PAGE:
Enterprise Integration Patterns
Messaging Patterns
Messaging Patterns
Message ExpirationMessage ExpirationMessaging Patterns » Message Construction

My application is using Messaging. If a Message’s data or request is not received by a certain time, it is useless and should be ignored.

How can a sender indicate when a message should be considered stale and thus shouldn’t be processed?

Set the Message Expiration to specify a time limit how long the message is viable.

Once the time for which a message is viable passes, and the message still has not been consumed, then the message will expire. The messaging system’s consumers will ignore an expired message; they treat the message as if it where never sent in the first place. Most messaging system implementations reroute expired messages to the Dead Letter Channel, while others simply discard expired messages; this may be configurable.

A Message Expiration is like the expiration date on a carton of milk—after that date, you’re not supposed to drink the milk. If the expiration date passes while the milk is on the grocery store shelf, the grocer is supposed to pull the milk off the shelf and not sell it. If you end up with a carton on milk that expires, you’re supposed to pour it out. Likewise, when a message expires, the messaging system should no longer deliver it. If a receiver nevertheless receives a message but cannot process it before the expiration, the receiver should throw away the message.

... Read the entire pattern in the book Enterprise Integration Patterns

Example: Azure Service BusNEW

Azure Service Bus implements Message Expiration both at the entity and the message level. Messages expire at the earliest of the Message Expiration set in the message or the entity, e.g. the queue or topic. Expired messages are sent to a Dead Letter Channel if one is specified. Messages that are locked for delivery (see Transactional Client) won't expire as long as they are locked.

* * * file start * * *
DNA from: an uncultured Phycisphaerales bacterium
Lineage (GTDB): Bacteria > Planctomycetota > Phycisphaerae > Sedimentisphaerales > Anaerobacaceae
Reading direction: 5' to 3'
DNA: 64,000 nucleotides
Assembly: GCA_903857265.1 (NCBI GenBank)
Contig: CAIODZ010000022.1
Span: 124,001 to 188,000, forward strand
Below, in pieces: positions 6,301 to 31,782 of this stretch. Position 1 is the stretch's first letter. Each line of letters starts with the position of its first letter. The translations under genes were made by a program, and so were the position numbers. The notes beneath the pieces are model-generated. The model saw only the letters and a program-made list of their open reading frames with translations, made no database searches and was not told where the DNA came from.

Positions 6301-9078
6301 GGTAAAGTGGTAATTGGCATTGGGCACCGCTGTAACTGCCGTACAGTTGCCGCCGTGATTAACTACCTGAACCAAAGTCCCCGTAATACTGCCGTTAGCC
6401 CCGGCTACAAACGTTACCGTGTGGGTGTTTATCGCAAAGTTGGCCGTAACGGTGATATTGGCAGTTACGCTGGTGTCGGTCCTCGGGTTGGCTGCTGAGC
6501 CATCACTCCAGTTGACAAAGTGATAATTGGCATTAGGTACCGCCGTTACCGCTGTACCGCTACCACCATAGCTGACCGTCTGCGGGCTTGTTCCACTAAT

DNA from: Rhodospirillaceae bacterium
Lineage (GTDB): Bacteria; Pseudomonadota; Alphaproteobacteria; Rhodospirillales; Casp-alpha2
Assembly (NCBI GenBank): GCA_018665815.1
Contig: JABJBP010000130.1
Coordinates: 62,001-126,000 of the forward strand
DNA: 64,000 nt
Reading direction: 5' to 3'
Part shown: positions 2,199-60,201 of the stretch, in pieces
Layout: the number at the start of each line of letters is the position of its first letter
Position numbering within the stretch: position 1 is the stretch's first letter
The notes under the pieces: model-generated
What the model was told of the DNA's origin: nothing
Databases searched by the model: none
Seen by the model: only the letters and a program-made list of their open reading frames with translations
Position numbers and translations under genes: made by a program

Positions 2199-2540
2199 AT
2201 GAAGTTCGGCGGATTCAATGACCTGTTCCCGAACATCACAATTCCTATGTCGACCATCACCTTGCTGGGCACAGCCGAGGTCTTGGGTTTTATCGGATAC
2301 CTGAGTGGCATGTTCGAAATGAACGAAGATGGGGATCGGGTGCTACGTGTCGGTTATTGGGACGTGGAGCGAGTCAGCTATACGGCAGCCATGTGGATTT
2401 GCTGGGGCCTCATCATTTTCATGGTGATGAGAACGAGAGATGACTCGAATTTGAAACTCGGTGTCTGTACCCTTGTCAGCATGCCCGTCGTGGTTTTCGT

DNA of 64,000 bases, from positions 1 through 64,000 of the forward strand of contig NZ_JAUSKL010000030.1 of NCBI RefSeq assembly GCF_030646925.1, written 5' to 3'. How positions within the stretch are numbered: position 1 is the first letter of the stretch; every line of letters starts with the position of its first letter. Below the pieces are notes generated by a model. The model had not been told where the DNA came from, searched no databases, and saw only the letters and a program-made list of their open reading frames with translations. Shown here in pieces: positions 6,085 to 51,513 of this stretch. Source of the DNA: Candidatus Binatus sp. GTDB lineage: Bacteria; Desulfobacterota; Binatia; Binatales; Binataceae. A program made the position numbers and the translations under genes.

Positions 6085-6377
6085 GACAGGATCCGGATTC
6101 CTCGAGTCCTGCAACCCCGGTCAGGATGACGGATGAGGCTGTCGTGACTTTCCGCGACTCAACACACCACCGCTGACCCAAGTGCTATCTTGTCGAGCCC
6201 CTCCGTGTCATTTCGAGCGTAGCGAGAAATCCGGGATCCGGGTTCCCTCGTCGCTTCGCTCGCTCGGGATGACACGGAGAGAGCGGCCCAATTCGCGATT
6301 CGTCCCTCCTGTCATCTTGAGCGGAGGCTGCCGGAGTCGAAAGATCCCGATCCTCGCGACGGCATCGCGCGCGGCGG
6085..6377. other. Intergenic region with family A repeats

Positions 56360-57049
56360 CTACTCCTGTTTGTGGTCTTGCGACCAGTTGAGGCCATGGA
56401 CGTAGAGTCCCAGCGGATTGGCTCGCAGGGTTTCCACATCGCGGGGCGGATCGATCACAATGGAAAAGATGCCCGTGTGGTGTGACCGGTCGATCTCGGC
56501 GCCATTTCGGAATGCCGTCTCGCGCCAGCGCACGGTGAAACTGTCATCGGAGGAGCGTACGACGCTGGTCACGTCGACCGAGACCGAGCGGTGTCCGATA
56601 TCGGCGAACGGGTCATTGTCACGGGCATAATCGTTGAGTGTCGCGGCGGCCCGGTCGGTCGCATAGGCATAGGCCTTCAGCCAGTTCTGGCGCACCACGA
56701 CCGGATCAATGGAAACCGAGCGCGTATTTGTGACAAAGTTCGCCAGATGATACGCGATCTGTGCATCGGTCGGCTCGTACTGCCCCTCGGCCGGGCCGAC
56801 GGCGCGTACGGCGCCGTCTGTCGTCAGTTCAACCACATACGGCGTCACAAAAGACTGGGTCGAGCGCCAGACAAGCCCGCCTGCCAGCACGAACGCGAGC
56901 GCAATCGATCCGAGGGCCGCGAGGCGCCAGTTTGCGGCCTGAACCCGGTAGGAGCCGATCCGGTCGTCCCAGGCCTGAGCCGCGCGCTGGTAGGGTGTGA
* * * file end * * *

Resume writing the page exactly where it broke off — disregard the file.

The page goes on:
Example: Amazon EventBridgeNEW

Amazon EventBridge uses a built-in Message Expiration that can trigger on elapsed time or the number of failed delivery attempts, whichever comes first. The default values are 24 hours and 185 retries, but can be customized in the console or via the command-line by using the RetryPolicy setting of the EventBridge target:

"RetryPolicy": {
    "MaximumRetryAttempts": integer,
    "MaximumEventAgeInSeconds": integer

Asynchronous targets like SQS, SNS, or CloudWatch logs rarely trigger the Message Expiration because they can consume messages at the same rate as they arrive on the event bus. However, Message Expiration is an important setting when using rate-limited targets like API Destinations (HTTP calls).

Example: Google Cloud PubSubNEW

Publish-Subscribe Channels generally have longer Message Expiration as a new subscriber might be interested in messages that have already been consumed by existing subscribers. Google Cloud PubSub includes a message_retention_duration setting for both topics and subscriptions (see Publish-Subscribe Channel for an explanation of topics and subscriptions) that allows subscriptions to replay messages that predate the subscription, allowing subscriptions to act as Durable Subscribers. The maximum setting is a generous 31 days, but you pay for storage.

Related patterns:

Dead Letter Channel, Durable Subscriber, Guaranteed Delivery, Invalid Message Channel, Message, Messaging, Publish-Subscribe Channel, Request-Reply, Transactional Client

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